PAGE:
Determination of the loads for which a structure has to be proportioned is an important task in a design. The various loads that are likely to act on a structure and the possible combinations of such loads that can act are all points to be considered.

Dead load refers to the weight of a structure. It is necessary to estimate reasonably the dead load before a structural analysis is made. After a preliminary design, the actual weight should be determined and compared with the originally estimated values and the necessary corrections should be made.

The usually considered live loads are the following:

(i) The weights of people, goods, furniture and any machinery in a building.

(ii) The weight due to traffic on a bridge.

(iii) The weight due to accumulation of snow.

(iv) Dynamic forces caused by moving loads.

(v) Forces due to wind action.

(vi) Pressure forces exerted by liquids in storage tanks.

(vii) Temperature variations creating forces when expansions and contractions are prevented.

Besides these, earthquakes can induce dynamic forces.

Gravity loads determined from weights of structures are static loads. Loads in motion produce greater forces than when they are static. A dynamic force produced by sudden change in velocity is an impact load which can be lateral or longitudinal. Motion on a curved path can also cause a lateral force. Longitudinal forces are caused due to acceleration or deceleration of vehicles.

Brief details of the same are given below:

This consists of the weight of walls, partitions, floors, roofs including the weights of all other permanent constructions in the building. A schedule of unit weights of building materials is given in I.S.: 1911 code.

Provision for Loads from Partition Walls:

Loads due to partitions shall be assessed on the basis of the actual constructional details of the proposed partitions and their positioning in accordance with plans, and the loads thus assessed shall be included in the dead load for the design of floors and the supporting structures.

Where, however, the actual loads of the partitions cannot be assessed beforehand owing to lack of knowledge of the final positioning of the partitions, the floors and the supporting structures shall be designed to carry, in addition to other loads, a uniformly distributed load per square metre of not less than 33⅓ per cent of the weight per metre run of finished partitions over the entire floor area subject to a minimum uniformly distributed load of 1000 N/m2 in the case of floors used for office purposes.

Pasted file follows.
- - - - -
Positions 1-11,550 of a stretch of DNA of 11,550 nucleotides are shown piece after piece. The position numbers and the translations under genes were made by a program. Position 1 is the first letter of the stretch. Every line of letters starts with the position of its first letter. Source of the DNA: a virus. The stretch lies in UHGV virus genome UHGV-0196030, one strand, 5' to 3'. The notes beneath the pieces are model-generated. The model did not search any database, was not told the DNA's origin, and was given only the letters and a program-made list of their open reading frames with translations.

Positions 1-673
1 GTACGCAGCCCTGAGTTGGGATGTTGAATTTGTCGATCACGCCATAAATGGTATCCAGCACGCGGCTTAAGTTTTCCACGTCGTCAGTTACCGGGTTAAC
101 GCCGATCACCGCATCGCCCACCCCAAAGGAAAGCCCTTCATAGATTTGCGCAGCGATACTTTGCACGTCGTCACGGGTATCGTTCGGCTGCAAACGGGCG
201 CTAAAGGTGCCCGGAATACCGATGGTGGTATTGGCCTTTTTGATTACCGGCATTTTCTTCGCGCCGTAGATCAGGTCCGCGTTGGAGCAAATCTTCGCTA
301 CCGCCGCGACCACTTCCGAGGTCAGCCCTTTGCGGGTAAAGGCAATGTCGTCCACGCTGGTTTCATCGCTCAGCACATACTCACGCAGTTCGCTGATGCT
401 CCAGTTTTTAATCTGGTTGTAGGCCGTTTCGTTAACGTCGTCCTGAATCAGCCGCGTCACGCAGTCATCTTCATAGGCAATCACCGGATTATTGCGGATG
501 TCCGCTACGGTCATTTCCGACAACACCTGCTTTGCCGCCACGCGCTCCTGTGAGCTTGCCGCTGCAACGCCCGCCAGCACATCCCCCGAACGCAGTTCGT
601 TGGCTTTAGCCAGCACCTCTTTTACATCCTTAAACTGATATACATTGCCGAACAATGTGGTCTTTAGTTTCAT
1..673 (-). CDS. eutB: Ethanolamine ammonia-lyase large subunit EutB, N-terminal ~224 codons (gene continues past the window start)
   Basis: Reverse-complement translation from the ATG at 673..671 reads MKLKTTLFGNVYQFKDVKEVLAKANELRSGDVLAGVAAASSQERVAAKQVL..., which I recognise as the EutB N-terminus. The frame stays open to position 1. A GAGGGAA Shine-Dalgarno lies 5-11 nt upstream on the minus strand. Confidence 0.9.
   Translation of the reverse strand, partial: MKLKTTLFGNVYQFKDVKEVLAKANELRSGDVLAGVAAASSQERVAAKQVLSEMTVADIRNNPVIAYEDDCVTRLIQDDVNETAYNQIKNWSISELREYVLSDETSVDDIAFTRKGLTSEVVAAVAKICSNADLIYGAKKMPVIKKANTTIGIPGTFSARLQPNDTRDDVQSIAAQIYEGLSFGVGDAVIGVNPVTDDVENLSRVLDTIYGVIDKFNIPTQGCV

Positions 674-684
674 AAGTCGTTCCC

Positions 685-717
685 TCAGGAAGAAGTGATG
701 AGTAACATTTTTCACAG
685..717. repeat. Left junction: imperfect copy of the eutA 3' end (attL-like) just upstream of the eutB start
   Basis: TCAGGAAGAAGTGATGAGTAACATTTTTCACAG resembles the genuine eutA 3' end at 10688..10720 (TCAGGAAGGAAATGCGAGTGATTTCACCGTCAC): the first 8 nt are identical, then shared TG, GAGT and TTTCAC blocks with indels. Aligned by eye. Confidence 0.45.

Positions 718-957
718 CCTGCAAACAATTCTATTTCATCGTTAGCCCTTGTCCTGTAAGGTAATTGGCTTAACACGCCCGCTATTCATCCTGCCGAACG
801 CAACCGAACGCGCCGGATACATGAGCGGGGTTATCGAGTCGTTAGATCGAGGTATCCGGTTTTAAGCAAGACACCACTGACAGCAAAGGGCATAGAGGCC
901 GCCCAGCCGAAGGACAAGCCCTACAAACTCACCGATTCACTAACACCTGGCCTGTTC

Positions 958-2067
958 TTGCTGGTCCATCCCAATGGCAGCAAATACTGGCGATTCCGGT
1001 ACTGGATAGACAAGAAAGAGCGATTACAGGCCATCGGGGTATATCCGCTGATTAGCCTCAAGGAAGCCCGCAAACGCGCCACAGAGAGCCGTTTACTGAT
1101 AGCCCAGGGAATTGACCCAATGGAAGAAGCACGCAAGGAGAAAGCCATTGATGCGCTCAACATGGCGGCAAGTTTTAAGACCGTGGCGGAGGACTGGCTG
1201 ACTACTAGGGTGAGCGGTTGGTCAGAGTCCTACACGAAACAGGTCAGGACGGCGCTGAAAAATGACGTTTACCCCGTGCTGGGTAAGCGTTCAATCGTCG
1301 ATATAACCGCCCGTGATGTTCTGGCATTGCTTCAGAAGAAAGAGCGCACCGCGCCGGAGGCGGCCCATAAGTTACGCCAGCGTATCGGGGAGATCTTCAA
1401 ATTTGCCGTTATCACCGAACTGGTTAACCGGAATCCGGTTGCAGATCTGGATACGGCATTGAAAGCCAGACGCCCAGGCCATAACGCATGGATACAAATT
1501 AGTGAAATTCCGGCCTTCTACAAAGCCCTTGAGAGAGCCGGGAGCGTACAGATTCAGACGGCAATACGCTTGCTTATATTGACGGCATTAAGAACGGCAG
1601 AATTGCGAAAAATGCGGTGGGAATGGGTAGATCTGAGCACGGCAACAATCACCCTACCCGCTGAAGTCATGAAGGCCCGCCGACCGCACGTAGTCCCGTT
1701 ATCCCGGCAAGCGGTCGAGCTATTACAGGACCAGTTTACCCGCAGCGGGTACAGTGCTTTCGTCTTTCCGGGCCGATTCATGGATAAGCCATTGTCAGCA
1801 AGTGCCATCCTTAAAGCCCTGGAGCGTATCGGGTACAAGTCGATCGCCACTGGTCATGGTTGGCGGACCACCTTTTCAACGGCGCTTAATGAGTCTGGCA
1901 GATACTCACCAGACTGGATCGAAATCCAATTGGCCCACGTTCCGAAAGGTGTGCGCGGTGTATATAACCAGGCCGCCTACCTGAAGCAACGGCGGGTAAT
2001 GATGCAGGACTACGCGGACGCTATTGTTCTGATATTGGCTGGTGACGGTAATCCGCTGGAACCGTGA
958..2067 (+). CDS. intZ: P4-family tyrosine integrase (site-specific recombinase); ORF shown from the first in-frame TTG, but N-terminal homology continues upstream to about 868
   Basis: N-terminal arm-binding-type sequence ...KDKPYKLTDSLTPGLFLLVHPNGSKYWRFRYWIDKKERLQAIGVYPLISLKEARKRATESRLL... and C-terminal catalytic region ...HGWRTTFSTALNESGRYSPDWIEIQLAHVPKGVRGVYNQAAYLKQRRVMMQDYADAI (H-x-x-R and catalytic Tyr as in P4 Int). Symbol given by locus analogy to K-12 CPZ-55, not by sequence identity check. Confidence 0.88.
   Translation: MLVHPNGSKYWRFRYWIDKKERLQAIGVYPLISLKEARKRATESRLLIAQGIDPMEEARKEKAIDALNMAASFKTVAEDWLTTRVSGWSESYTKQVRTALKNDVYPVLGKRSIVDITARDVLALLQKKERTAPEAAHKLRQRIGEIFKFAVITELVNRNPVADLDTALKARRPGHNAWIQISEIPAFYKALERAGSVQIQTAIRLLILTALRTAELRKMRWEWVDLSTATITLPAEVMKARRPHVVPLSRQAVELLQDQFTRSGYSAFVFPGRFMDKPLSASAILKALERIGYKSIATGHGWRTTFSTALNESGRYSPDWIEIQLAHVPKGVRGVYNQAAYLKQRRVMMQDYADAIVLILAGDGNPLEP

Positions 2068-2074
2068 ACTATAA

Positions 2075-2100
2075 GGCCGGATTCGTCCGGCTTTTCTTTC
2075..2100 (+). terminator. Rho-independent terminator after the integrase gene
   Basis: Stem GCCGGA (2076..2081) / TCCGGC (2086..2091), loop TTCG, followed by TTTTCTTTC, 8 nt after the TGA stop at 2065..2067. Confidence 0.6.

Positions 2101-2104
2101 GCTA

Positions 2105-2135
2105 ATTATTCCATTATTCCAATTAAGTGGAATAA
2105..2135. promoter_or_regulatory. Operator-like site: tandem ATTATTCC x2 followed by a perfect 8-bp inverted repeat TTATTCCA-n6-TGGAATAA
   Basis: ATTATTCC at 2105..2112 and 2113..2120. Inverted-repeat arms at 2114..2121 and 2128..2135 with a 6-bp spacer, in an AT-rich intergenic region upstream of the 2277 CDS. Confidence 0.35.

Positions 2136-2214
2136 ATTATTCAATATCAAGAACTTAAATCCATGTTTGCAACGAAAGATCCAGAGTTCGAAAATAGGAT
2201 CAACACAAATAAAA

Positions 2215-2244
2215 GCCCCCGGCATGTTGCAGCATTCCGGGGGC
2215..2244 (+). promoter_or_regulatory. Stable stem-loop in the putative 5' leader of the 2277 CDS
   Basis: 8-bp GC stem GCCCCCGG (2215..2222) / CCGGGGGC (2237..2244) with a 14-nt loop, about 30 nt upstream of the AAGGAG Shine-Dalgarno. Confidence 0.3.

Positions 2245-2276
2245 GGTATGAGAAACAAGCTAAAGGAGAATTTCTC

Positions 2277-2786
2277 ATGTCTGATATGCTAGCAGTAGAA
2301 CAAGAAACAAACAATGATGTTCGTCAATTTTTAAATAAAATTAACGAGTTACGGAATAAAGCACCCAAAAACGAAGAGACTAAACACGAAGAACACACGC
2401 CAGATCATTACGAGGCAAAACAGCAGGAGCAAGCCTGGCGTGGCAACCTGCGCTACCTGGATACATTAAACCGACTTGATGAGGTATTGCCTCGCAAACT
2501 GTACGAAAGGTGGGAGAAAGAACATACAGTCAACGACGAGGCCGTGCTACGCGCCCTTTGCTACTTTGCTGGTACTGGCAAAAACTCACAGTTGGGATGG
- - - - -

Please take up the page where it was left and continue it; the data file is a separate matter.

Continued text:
No partition shall be allowed to be erected which may, in effect, result in stresses greater than those allowed for in the design.

Live Loads on Floors of Various Types of Buildings:

Live loads on floors shall comprise all loads other than dead loads. The minimum live loads on different floors for different uses shall be as given in the Table. The loads specified in this table are uniformly distributed static loads N/m2 on the plan area and provide for normal effects of impact and acceleration, but do not take into consideration special concentrated loads, snow loads and other loads.

The following reductions in assumed total live loads on floors may be made in designing columns, walls, peirs, their supports and foundations:

No reduction shall be made in the case of warehouses, garages and other buildings used for storage purposes and for factories and workshops designed for 5000 N/m2. However, for buildings, such as factories and workshops, designed for a live load of more than 5000 N/m2 the reductions given in the table may be made provided that the loading assumed for any column, etc. is not less than it would have been if all the floors had been designed for 5000 N/m2 with no reduction.